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Music Review: Jay Z – Kingdom Come

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He's the Mike Jordan of recording and like Number 23, he comes out of retirement to much fanfare. But also like Jordan, Jay Z seems to suffer the same outcome.

In spite of its shortcomings, the album is comparable, for the most part, to his other albums – not in comparison to those of other rappers. Kingdom Come is still far better than most hip hop albums out today. Much like Jordan, because of physical incapability, he could not keep up with the athletes he himself had inspired, athletes that had grown up trying to leap over the bar he had set. Most of the tracks find Jay embracing his maturity, his movement away from the brashness and gaudiness of his youth. Like the lyrics to "30 Something" say, "I'm young enough to know which car to buy, yet grown enough not to put rims on it" and "I don't buy out the bar, I bought the nightspot."

But ultimately, it doesn't live up to the high standards he himself set for the rap world. It is that brashness, coupled with his hustler narratives, that make us love him so much. And though I enjoy his new narrative influences, the Superman theme in "Kingdom Come," and the Jesus self-comparison in "Dig a Hole," it's just not the same.

My favorite tracks: "Kingdom Come" – Much has been written about this track since it was first leaked. Just Blaze's usage of Rick James' "Superfreak" (with arrangements by ?uestlove), though not one of his best, is interesting in its savior imagery, "Not only NYC, I'm hip hop's savior."

"Beach Chair" – In a time when rap songs are not listened to for the lyrics but for the beats, how is it that with songs produced by some of hip-hops most talented beatmakers — Just Blaze, Dr. Dre, and Pharrell — the best track comes from rock's Chris Martin?

"Hollywood" featuring Beyonce – Just about any collaboration with his wildly famous other half is destined to be a hit and I'm sure if this is released, it will be. It's insanely infectious, especially to the non-hip hop purist. (Hip hop heads would probably think this song akin to blasphemy.) I can't get it out of my head as I push repeat, again.

"Anything" featuring Usher and Pharrell – I didn't expect this from Jove, with the new, grown up image, CEO, practically married to Beyonce, but it's still enjoyable. Not quite a club jam but it couples his swift, brash flow with Usher's R and B smoothness over Pharrell's chill bounce. Almost a throwback piece, with lightness and sexual charisma, from one of his earlier albums.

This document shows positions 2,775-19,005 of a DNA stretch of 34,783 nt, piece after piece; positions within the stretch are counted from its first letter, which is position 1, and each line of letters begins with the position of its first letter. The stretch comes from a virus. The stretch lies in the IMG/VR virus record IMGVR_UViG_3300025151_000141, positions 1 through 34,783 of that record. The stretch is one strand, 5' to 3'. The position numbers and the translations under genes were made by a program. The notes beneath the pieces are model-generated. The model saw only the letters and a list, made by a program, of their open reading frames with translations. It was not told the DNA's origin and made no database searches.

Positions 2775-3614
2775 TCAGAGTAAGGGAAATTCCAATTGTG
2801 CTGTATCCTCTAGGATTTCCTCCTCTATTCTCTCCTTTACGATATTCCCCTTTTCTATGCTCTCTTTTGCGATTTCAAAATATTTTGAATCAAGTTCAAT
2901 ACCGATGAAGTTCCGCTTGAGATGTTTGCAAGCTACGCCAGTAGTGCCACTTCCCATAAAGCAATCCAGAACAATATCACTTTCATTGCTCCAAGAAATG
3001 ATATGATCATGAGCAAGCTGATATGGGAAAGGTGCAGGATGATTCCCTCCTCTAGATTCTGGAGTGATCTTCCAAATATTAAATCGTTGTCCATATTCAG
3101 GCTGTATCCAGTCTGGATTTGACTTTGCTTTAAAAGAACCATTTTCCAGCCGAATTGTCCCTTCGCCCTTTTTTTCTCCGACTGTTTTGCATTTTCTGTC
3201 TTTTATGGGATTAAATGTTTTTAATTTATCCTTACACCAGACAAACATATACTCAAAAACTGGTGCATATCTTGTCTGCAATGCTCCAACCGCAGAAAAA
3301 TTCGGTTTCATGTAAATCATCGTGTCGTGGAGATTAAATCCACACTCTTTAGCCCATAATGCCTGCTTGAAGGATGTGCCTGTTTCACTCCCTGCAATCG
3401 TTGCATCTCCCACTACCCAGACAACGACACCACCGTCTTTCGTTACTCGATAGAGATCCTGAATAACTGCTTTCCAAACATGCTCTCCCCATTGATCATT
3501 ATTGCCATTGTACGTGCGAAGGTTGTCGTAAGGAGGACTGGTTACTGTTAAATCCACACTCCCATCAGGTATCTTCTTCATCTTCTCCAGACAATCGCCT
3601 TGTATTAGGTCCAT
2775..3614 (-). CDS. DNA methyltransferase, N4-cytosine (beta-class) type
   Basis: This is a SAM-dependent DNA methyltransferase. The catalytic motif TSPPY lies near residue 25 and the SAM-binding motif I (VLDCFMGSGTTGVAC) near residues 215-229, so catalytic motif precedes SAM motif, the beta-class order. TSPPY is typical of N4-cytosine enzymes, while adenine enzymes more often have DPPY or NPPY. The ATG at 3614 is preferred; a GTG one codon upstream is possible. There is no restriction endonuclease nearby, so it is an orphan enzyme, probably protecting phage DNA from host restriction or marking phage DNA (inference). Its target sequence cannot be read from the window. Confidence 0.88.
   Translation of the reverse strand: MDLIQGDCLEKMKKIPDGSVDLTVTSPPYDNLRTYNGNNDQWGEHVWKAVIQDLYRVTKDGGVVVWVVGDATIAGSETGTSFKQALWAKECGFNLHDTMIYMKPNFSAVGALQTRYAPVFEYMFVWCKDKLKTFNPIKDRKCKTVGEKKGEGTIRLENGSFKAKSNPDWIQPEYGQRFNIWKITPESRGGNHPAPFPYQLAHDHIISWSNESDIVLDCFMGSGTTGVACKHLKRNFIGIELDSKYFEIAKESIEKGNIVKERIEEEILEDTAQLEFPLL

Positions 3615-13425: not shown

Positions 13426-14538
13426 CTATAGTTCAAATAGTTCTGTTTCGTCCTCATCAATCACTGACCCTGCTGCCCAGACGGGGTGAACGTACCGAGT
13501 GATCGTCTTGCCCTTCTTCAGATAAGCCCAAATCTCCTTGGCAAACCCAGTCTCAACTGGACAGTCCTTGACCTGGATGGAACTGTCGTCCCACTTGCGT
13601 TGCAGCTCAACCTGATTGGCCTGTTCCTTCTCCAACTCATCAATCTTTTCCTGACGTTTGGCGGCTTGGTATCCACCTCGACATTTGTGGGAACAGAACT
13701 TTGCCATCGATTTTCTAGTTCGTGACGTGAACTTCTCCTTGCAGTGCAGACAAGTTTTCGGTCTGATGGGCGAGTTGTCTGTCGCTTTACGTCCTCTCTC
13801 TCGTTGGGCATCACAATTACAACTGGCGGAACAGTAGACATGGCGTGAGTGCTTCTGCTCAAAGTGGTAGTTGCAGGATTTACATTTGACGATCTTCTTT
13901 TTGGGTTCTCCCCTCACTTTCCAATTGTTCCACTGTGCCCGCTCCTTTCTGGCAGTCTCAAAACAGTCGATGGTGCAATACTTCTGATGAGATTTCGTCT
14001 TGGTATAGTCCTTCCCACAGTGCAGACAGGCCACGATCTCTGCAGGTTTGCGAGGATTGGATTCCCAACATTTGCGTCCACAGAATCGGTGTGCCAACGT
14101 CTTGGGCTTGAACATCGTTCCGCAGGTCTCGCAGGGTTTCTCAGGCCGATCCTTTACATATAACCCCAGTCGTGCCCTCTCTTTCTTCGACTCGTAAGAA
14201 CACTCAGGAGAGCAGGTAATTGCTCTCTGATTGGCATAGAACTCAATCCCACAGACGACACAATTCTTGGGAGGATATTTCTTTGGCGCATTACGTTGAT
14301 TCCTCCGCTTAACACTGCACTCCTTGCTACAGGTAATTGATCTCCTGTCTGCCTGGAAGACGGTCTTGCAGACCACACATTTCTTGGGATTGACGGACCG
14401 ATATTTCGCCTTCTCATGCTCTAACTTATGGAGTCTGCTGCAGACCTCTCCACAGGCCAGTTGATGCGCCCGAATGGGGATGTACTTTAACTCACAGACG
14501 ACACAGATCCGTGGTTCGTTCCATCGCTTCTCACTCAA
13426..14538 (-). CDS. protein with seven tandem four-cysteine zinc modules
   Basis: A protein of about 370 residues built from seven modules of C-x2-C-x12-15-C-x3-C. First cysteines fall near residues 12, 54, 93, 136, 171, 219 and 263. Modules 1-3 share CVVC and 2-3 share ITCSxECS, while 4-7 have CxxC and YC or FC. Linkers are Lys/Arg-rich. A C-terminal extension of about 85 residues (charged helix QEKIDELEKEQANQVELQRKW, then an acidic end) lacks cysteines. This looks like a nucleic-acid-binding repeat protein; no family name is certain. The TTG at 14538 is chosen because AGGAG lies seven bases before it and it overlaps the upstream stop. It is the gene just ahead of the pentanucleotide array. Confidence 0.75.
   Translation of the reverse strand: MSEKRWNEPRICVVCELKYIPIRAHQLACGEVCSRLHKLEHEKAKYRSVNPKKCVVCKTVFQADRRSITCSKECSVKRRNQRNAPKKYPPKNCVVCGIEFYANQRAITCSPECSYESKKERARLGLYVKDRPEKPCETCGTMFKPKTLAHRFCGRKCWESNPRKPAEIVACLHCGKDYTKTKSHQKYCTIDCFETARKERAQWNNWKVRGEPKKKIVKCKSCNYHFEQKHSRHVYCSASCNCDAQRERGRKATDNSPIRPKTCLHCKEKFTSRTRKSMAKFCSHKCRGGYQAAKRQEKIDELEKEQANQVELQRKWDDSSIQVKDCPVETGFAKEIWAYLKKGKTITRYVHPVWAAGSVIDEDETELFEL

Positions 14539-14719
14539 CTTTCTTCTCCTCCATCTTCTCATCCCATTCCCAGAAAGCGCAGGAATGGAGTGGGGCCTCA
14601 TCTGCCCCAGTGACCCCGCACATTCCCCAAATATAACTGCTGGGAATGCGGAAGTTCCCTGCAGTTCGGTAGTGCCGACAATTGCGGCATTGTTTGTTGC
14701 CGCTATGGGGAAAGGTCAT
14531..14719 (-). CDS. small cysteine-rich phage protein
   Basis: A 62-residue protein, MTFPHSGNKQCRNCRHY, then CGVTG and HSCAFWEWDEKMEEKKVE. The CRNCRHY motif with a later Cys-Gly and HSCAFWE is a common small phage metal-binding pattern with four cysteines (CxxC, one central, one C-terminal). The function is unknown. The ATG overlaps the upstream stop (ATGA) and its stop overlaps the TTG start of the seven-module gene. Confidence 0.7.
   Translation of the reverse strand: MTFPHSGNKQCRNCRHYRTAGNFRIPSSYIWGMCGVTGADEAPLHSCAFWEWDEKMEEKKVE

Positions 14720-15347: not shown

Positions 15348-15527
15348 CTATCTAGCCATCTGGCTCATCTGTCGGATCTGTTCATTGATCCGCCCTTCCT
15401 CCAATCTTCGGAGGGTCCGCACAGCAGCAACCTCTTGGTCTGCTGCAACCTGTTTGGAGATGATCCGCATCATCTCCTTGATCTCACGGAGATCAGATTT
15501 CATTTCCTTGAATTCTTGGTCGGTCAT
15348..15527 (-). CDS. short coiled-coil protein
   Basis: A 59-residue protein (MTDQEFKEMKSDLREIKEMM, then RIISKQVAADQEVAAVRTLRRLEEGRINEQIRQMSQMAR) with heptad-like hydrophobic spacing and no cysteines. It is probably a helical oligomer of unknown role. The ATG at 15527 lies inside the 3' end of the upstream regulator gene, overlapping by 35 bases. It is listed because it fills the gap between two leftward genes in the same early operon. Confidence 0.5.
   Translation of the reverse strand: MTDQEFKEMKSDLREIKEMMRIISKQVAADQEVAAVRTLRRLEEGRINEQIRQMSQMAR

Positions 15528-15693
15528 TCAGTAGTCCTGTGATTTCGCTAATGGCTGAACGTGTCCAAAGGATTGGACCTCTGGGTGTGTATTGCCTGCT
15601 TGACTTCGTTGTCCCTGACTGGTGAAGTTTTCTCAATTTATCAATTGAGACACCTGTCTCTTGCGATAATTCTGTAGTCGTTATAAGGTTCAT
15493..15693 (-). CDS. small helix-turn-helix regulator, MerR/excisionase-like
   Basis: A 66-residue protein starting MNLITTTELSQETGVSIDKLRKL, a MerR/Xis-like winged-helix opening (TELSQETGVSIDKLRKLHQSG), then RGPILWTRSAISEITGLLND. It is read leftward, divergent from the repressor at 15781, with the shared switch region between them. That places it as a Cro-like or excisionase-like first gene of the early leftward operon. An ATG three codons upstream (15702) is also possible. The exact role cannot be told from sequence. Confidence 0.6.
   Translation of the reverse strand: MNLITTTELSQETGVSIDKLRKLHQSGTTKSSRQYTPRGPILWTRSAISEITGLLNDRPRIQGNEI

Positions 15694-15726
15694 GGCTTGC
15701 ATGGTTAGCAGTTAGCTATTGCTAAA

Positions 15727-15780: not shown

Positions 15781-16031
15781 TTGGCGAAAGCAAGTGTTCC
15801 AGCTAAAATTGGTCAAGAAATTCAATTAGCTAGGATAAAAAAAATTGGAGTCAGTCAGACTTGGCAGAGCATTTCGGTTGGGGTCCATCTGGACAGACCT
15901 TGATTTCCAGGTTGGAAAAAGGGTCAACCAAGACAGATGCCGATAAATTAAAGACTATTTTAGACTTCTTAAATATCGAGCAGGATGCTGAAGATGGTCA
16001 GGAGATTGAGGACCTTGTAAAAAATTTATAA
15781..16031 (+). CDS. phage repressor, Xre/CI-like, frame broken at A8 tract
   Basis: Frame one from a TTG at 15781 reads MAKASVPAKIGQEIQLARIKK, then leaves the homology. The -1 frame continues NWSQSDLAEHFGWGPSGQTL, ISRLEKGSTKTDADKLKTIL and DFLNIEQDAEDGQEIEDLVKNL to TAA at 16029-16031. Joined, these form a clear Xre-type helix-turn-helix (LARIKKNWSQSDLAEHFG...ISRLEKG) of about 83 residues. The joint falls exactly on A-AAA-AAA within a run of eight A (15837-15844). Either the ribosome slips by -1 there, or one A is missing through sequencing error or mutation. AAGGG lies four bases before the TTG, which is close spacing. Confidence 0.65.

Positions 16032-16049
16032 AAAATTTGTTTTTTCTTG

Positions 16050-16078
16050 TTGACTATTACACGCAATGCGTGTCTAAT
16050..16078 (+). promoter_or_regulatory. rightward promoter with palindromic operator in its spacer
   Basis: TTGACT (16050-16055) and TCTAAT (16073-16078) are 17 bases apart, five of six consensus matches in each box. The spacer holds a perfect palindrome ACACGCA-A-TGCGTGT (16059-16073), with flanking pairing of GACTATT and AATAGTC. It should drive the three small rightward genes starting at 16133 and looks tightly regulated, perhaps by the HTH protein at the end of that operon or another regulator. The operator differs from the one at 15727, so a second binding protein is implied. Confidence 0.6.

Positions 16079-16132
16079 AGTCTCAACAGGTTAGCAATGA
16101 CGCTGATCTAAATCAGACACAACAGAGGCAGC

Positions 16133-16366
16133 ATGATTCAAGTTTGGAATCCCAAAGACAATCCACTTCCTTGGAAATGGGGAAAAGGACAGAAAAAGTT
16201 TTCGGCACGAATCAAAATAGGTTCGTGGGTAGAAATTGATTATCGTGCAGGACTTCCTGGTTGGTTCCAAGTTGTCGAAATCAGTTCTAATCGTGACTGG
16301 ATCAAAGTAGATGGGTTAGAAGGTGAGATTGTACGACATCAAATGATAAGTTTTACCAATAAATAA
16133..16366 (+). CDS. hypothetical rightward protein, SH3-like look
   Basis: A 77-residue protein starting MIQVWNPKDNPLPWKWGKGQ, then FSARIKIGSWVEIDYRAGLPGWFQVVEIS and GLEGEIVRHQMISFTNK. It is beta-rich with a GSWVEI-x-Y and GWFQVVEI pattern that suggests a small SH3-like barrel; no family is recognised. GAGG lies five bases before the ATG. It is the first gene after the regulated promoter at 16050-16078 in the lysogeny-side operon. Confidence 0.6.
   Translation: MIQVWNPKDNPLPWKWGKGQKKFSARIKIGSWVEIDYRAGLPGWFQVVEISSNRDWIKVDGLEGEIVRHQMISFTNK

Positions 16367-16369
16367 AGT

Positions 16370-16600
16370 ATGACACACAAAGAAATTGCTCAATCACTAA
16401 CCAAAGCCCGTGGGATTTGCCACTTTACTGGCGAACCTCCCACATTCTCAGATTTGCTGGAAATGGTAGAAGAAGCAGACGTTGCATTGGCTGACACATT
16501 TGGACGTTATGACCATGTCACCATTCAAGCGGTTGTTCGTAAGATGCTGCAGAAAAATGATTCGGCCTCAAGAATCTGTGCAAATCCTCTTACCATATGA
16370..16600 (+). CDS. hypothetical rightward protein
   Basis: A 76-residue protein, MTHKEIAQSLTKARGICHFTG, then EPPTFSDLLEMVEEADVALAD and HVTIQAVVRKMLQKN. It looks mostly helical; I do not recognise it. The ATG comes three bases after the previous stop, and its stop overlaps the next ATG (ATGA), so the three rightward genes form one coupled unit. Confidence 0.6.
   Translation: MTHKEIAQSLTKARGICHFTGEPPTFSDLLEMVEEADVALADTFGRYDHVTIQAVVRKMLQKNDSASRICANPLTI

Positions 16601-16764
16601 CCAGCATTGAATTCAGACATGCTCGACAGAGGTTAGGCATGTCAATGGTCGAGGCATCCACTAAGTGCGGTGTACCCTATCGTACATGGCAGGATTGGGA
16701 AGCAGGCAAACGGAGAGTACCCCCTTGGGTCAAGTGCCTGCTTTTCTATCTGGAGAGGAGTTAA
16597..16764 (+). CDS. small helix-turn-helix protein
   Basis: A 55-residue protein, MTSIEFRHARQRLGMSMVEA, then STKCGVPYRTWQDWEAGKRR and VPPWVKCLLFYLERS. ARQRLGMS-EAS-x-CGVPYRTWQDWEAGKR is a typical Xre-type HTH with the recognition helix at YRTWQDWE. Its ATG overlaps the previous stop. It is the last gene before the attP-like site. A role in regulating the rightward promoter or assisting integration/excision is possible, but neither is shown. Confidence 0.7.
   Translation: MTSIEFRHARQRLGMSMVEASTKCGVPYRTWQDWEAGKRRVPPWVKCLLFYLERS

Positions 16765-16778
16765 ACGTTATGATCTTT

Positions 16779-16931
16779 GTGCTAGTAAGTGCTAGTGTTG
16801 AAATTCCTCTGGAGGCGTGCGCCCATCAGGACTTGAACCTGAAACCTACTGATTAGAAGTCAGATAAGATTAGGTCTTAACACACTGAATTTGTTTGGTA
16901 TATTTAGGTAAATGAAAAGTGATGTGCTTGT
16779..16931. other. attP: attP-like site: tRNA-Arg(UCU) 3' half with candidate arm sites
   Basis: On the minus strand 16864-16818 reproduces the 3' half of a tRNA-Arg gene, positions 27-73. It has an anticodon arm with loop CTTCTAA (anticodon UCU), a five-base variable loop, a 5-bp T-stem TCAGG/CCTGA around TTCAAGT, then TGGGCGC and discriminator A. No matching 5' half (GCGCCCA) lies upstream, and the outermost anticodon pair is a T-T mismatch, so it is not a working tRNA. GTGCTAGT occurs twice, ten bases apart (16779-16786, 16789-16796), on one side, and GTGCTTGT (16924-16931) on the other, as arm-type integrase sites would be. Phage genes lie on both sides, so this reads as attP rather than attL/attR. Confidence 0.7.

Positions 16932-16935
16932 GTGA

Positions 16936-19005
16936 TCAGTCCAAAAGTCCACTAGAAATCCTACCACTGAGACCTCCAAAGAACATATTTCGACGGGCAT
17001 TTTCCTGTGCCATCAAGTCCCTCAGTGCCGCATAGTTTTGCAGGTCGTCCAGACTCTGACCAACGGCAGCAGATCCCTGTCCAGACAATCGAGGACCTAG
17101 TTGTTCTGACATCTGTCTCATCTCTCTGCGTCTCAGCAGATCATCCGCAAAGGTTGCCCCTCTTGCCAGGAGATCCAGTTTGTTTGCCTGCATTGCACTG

Nice and Smooth said "Sometimes I rhyme slow sometimes I rhyme quick." For me, Jay always seems to fair better when his flow has a bit of quickness to it, perhaps it makes things sound a bit more clever than they already are.

"Minority Report" – The most poignant of all the tracks, this one contains his view of Hurricane Katrina and the governmental mistakes that followed. It gives us a sense of sincerity and  should probably be the one that shines through most.

About Court

  • Reggie

    I hear what you are saying, but how could you leave out, Do you wanna ride? that song is bananas. the lyrics are crazy, “the kingpin of the ink pen, the monster of the double entondra” as a true hip hop fan from the days of EPMD, BDK, Rakim, KRS ONE, the thing i love most about Jay-Z is the fact that he is constantly evolving, growing. as his life changes, his music changes, as it should. i think we have all seen the artist who sells millions of records and moves out of the projects to a big house with his/her kids in private school to only have him/her to come out and try to tell the same tales of hood life when they are so far removed. as an adult my views have changed, my environment has changed, my desires have changed and my taste in music has changed. as i grow, Jay-Z grows, and that’s why Kingdom Come is an excellent album. and yeah there are a couple of tracks that aren’t as good as others but even those are far better than the easily digestible remedial nursery school ryhmes that flood the airwaves. evolution is envitable, and Jay-Z has proven that time and time again.

  • jimmy

    god MC!

  • Courtney Walker

    To Reggie who left a comment, I was actually was going to include ‘Do You Wanna Ride’ in my list of favorites, I play that almost as much as Hollywood and Beach Chair. The intro where he apologizes – “Told you I ain’t too good with writin’ letters, Shit I don’t even write rhymes’. I agree you with on the fact that as his life changes, his music changes.

  • Mike T

    I wasn’t expectin much from this album before I heard, and really have never big a big jigga fan. I like alot of songs but thought he was corny. This album though has changed my mind. This is what a hip-hop album should be, not a bunch of guest appearances, no label mates all over the tracks. Every song is good, and 4 are great. The beat on Kingdom Come is crazy hot, Beach Chair is tight on tight and song by Kanye w/ John Legend is purposeful.

  • http://blogcritics.org/archives/2006/12/02/212432.php Danny

    This album is shit! Jay should’ve stayed retired with his ugly ass face. Nas is the real king of hip-hop!

  • Kaizen

    I am still not sure about this album… I felt it was trying to be like the Black Album… It’s a good album, but for a comeback… it’s not great….

    Big Jay Fan…

  • Rod Kasai

    not bad 3.5 of 5

  • Unknon

    Diz album iz rough & anyone who don’t like him don’t kno muzik if they can’t reckonize a tru m.c.